• David Segal: "Memoirs of A Music Man" (Washington Post, August 28, 2005)
    After fours years on the pop beat, a writer hangs up his rock and roll shoes, remembering a contentious reader schooling him on boy bands at a concert, Jon Pareles' Korn fandom, and his own search for the "great Live Concert Moment."

  • David Shaw: "Indecent? That Sums Up All of This Moral Posturing" (L.A Times, February 28, 2005) [Link not available]
    "But in keeping with our society's consistently misplaced values and misplaced anxieties, most of the fines for indecency have involved depictions or discussions of sex and/or execratory functions. Saving Private Ryan aside, violence is generally deemed suitable in the land of Jesse James, Al Capone, John Wayne, and Donald H. Rumsfeld."

  • Stephanie Simon: "A Crescendo of Budget Problems" (L.A. Times, January 9, 2005) [Link not available]
    You thought rock bands were the only ones having problem with ticket prices? It turns out that almost all American orchestras are in financial trouble, with the musicians having to take pay cuts as a result.

  • Stay Free Daily: "How did Mad Hot Ballroom Survive the Copyright Cartel?" (Stay Free, July 14, 2005)
    A graphic example of how the insanity of getting song clearances nowadays is stifling the creative process. Want to include a cell phone ring or the background music playing at a store for a few seconds? Fork over $5000.

  • Bill Stevenson: "How Broadway Tuned Out" (New York Daily News, April 17, 2005)
    The Great White Way was once a haven for pop hits, but no more. The problem? The gap between what's on the stage and what's on the charts is wider than ever, even with several hit rock musicals and artists like Jay-Z and Gwen Stefani pinching material from there.

  • Dave Tianen: "Costello's Road Traveled Only By Himself" (Milwaukee Journal Sentinel, April 5, 2005)
    Give credit to Tianen for getting the quotes out of him, but also give credit to Elvis C for these astute observations about why 100s of specialized online stations aren't going to help music as a whole: "What a desperate waste the way radio has gone since the day when the management of these different crooners were making recordings off the radio of the shows. It was so revolutionary what they were doing...When all of this music was close together, the great strengths emerge. That's how you get Elvis Presley. That's how you get rock 'n' roll. By putting things in boxes and competing them against each other, you kill the music's ability to become like a chemistry set. You can write reams and reams of musicological analysis of Elvis Presley, but all he did was combine things he loved. He grew up with gospel and the Ink Spots and the Mills Brothers and Bill Monroe and Big Maybelle, and all these things get mixed up."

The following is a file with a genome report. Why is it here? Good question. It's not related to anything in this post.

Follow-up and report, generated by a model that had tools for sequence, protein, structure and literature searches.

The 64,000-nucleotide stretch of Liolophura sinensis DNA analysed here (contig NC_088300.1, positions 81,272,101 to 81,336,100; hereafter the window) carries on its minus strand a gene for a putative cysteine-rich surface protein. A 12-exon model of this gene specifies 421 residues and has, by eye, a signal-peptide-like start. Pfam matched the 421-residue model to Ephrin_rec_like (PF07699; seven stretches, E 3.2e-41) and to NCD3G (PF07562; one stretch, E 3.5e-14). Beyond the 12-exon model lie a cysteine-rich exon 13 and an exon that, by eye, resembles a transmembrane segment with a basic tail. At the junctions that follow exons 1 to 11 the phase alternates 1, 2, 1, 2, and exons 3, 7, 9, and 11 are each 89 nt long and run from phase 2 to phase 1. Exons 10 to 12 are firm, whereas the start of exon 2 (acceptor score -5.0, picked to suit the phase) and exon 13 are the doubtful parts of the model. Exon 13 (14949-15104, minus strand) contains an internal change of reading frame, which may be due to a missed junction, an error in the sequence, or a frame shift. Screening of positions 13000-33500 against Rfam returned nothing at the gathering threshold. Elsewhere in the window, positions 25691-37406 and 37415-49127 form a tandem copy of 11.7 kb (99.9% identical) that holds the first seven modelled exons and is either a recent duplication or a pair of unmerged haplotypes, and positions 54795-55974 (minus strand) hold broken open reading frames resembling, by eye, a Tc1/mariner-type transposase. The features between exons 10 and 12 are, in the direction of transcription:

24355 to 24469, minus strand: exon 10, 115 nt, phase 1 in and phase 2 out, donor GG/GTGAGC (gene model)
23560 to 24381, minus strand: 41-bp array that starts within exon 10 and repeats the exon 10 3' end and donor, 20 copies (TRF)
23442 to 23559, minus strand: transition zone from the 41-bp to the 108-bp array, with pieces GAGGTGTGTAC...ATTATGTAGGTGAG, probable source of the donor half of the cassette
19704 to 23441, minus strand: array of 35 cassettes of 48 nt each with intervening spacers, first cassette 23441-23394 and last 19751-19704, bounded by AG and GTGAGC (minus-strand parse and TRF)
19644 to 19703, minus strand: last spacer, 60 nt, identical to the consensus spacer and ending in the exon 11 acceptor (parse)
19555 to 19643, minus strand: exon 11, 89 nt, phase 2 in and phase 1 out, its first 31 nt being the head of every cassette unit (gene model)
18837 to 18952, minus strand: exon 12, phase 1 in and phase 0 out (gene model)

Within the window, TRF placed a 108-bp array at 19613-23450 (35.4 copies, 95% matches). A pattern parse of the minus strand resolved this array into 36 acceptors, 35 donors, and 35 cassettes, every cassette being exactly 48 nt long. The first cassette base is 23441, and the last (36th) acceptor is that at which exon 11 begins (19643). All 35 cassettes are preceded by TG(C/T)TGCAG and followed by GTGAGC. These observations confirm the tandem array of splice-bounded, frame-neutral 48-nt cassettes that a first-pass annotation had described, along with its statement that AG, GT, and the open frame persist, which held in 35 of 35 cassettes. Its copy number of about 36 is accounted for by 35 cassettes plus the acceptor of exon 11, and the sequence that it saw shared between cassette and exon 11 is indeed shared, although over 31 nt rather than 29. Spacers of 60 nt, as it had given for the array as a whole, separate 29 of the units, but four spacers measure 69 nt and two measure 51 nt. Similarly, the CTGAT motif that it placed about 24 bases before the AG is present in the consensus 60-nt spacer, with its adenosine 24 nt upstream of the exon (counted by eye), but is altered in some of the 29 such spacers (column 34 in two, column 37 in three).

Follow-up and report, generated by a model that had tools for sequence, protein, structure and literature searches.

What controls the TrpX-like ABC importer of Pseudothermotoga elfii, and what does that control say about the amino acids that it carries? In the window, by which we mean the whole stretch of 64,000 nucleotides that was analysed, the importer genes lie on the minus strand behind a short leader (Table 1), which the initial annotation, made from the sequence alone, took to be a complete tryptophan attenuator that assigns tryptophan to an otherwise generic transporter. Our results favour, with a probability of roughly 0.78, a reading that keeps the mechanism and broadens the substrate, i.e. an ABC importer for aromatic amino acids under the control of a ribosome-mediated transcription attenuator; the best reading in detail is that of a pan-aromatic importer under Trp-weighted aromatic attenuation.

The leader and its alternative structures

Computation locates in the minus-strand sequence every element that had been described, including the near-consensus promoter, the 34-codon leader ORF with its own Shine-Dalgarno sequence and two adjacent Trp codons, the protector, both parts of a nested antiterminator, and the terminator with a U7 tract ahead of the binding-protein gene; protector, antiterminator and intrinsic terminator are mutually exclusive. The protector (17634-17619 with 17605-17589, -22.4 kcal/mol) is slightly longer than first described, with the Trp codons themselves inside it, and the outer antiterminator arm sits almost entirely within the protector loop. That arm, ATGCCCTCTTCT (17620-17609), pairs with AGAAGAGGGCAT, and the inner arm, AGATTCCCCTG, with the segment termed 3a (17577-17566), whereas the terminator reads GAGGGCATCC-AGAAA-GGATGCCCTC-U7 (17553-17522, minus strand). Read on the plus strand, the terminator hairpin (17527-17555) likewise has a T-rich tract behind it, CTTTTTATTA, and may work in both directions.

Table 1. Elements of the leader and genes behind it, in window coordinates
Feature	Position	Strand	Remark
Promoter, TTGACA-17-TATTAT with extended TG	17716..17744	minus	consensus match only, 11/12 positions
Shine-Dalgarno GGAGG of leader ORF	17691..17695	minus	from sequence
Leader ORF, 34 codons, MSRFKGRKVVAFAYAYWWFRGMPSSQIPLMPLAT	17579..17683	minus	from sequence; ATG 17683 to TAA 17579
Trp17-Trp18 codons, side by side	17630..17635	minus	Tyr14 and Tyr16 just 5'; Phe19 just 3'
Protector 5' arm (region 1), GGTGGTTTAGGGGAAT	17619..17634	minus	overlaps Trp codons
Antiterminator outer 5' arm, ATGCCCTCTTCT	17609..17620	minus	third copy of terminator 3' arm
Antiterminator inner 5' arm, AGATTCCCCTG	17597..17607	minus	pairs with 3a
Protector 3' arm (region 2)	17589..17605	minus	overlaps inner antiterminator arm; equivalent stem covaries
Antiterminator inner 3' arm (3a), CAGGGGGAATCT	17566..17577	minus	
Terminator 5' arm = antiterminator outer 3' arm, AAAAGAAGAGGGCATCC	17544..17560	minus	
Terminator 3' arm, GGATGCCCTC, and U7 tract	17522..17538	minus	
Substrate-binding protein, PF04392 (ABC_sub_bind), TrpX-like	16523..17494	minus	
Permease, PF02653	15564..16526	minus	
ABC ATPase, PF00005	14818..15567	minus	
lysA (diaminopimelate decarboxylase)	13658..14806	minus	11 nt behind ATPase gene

• Scott Timberg: "Pops: From Light to Lite" (L.A. Times, June 19, 2005) [Link not available]
    One of the most reviled of classical forms still stands a chance of rescuing the genre from obscurity. Roll over Arthur Fielder and tell John Williams the news.

  • Unknown: "The Greatest Story Never Told" (HipHopDX, April 18, 2005)
    Reginald C. Dennis recalls his salad days at the Source (early-mid '90s), years before the current skirmishes. Rest assured that any feedback from the magazine won't be constructive.

  • Mary Voboril: "Opera's Real Phantom" (Newsday, January 11, 2005)
    Jane Klaviter sits quietly (transparent to the audience) at the edge of the Metropolitan Opera House's stage, ready to feed lines to discombobulated divas. As the article subtitle notes, she is in many ways an "unsung hero," as Pavarotti himself attests.

  • Tom Waits: "It's Perfect Madness" (The Observer, March 20, 2005)
    A fascinating tour of Waits' record collection with excellent narration, full of water imagery. Some of it obvious (Beefheart, his old buddy Ribot), some of it not (opera arias). Still, somewhere in his crates, Elmore James and Kurt Weil lurk also...

  • Wayne & Wax: "We Use So Many Snares" (Wayne & Wax Blog, August 8, 2005)
    Not just an impressive history of reggaeton but also a great demonstration of what a blog or online entity can do that a print publication can't: aural demonstrations of what's being explained in detail.

  • Carl Wilson: "Plug it Again, Sam: Pay for play is back in the music business" (Globe and Mail, August 13, 2005)
    Despite the recent lawsuits, payola isn't going away. In fact, it's a great American tradition.


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Introduction

1. Super-Scribing Awards: Best Writing of the Year

2. Superior Scribing Awards: Other Great Pieces of Music Journalism

3. Non-Music/Musical Stories: Great Writing About the Other Arts

4. Amazing Stories in and of Themselves

5. The Ignoble Prizes: Worst Music Writing of the Year